In our highly interconnected world, the requirements of technology and infrastructure are continually evolving and the roles and responsibilities related to designing and implementing Disaster Recovery (DR) and Business Continuity (BC) are changing. As you pursue opportunities to reduce risk exposure, while increasing the strategic value of your department, you’ve likely discovered Disaster Recovery-as-a-Service (DRaaS). As a cloud-based service, DRaaS provides data loss prevention and business continuity options that reduce complexities of disaster recovery, mitigating the effects of a disruptive event. It’s becoming less a question of whether organizations benefit from DRaaS and more a question of how painful (or damaging) it will be to continue to manage premise-based data centers.
“…companies have to be very schizophrenic. On one hand, they have to maintain continuity of strategy. But they also have to be good at continuously improving.” ~Michael Porter
Cloud-based services can boost the speed and agility of IT infrastructure paving a path to performance and a new way of operating. But if cloud-based services are new to your organization, your adoption may be met with resistance. Perceived ambiguity and risk around your initiatives are sure ways to derail your efforts. Addressing relative advantage, observability, trialability, compatibility, and complexity – the five pillars of the widely accepted Technology Acceptance Model (TAM) – will significantly improve your ability to drive change and gain support for implementing DRaaS …and other cloud-based initiatives!
Speaking Points to Influence the Acceptance of a DRaaS Solution
- Relative Advantage – the degree to which DRaaS is perceived as being better than the solution/strategy it is replacing.
People, processes and technologies are all prone to flaws. Cloud-based services such as DRaaS mitigate risk exposure through automated, off-site backup. In addition to peace of mind and convenience, the cloud-based model introduces flexibility and scale.
A few additional advantages to highlight:
- Recovery Point Objective (RPO) and Recovery Time Objective (RTO) service level agreements with RPOs measured in seconds, not hours;
- Multiple options to establish private connectivity as if the servers were still sitting at your own on-premise data center;
- Increases reliability with automatic failover;
- Enhances security posture adding defense, depth, and encryption; and
- Shift CapEx to OpEx by replacing the unpredictable costs of maintaining or replacing hardware with a predictable, monthly recurring services fee.
If your organization frequently needs a secondary environment for application development, patch testing, etc., emphasize that the DRaaS platform can easily be used for this purpose.
- Observability – the degree to which the results of DRaaS are visible to others.
The ability to perform isolated Disaster Recovery testing during the workday without impacting production provides current DRaaS subscribers clear evidence that data is synchronized in near real time and easily accessed.
Social Proof and numbers provide visibility to the organizations that have not yet adopted DRaaS.
Since DRaaS frees your organizations from the endless cycle of purchasing, supporting, upgrading, and ultimately replacing expensive on-premise infrastructure, mapping your current spend to that of a DRaaS offering will significantly influence support. Another compelling indicator of results can be communicated through the sharing of case studies and peer references.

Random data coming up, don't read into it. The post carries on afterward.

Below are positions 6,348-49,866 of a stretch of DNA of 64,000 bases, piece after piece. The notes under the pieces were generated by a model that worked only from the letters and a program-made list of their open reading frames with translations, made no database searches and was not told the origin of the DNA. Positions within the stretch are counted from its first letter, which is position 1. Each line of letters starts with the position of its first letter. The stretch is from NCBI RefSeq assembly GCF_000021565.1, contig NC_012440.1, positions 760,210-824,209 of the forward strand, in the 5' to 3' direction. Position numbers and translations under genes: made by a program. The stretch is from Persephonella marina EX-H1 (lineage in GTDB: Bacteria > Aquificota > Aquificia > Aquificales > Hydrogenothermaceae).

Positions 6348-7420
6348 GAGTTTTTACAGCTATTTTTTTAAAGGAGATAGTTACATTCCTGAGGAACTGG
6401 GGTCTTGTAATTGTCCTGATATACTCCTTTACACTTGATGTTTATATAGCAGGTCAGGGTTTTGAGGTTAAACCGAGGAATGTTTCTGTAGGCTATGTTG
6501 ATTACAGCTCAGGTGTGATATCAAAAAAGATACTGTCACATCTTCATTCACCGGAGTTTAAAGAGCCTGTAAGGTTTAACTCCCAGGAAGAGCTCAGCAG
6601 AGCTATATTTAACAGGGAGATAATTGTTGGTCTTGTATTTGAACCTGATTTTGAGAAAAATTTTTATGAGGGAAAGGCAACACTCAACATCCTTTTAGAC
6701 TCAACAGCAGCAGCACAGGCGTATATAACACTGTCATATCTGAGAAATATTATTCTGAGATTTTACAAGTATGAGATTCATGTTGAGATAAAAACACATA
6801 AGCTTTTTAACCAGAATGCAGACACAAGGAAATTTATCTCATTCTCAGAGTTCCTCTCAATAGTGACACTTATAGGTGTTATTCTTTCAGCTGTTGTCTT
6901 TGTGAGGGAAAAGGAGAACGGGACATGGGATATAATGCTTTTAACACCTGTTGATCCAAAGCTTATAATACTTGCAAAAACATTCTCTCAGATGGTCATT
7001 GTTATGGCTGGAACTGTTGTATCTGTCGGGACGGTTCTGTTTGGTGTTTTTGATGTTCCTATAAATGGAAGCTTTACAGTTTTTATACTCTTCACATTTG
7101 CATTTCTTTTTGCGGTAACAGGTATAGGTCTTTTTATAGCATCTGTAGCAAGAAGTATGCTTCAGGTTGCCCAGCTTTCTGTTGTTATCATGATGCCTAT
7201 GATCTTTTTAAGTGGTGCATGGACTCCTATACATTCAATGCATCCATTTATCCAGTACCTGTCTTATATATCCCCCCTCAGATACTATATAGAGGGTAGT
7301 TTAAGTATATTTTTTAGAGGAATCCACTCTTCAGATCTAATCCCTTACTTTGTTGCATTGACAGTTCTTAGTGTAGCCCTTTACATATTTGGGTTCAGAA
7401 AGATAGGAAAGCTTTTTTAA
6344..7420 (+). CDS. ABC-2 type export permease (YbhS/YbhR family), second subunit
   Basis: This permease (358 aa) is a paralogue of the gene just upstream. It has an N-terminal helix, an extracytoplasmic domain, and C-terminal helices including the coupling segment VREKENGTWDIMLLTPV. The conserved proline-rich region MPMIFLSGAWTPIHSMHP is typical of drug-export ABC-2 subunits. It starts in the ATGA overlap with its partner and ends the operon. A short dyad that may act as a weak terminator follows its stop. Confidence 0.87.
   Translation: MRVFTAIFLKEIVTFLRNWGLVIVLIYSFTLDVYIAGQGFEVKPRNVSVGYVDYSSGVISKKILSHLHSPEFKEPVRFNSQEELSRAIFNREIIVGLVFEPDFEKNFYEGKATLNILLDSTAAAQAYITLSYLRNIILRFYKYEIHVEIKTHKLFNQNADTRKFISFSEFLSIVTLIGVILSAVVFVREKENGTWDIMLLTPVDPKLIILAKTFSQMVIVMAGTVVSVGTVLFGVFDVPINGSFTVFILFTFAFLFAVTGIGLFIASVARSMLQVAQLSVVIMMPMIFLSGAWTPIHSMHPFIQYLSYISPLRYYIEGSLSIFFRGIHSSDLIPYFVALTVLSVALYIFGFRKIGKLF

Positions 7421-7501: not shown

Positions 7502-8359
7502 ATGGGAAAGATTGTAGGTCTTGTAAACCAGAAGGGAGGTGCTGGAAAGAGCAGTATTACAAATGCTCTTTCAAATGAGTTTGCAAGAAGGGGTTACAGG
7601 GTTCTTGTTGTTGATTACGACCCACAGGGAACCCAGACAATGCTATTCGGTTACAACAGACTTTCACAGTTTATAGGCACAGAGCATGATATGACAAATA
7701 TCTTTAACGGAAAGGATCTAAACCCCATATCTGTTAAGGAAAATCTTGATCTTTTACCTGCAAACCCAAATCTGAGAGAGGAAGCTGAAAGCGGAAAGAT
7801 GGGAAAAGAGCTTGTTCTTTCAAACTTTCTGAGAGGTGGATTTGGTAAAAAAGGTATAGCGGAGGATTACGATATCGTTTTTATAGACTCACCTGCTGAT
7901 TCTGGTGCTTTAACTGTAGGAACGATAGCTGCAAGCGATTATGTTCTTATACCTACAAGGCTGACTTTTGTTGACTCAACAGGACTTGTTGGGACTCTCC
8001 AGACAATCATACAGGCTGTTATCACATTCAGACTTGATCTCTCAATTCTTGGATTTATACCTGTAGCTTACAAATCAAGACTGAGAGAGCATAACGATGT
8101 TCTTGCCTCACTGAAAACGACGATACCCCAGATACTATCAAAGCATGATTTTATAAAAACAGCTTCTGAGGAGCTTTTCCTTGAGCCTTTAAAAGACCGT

- Trialability – the degree to which DRaaS may be experimented with on a limited basis.
The easier it is to test an innovation, the higher the likelihood of adoption. Because no infrastructure is required, you can quickly and easily pilot a DRaaS solution for proof-of-concept validation. Not all DRaaS providers offer a trial yet it is a valuable and important opportunity. The trial offers an opportunity to experience the people, process, and technology before fully embracing the solution and provider.
- Compatibility – the degree to which DRaaS aligns with the existing values and experiences of the organization.
As a cloud-based service, it is important to communicate that technical compatibility is not factor. You can, however, draw attention to compatibility between DRaaS and the organization itself. Look for opportunities to correlate DRaaS with strategic business objectives, your organization’s mission statement and/or values. If your organization is subject to compliance and regulatory requirements, DRaaS will effectively address reporting and auditing.
- Complexity – the degree to which DRaaS is perceived to be difficult to implement, manage, and support.
Reducing complexity is the hallmark of DRaaS and is one of the reasons it successfully mitigates the effects of a disruptive event.
The results of Evolve IP’s “2015 Disaster Recovery and Business Continuity Survey” revealed that of the types and durations of losses during incidents, the highest percentage of permanent loss was of backups that were not recoverable, followed by loss of critical data. Additionally, the highest percentages of losses for one or several days were loss of network connectivity, loss of a host machine, and loss of a critical application.
Simplifying the people, process, and technology components of your DR and BC plan through DRaaS will reduce your exposure to disruption and increase your ability to retain data.
Your Journey to the Cloud
As you evaluate DRaaS and other opportunities for migrating to cloud-based services in favor of on-premises infrastructure, you’re likely to have many questions. Don’t let intimidation or lack of expertise keep you from learning more about cloud-based solutions. As the nation’s only single-source cloud services provider, we are uniquely positioned to help you navigate options and guide your journey.Categories: Business Continuity & Disaster Recovery Cloud Computing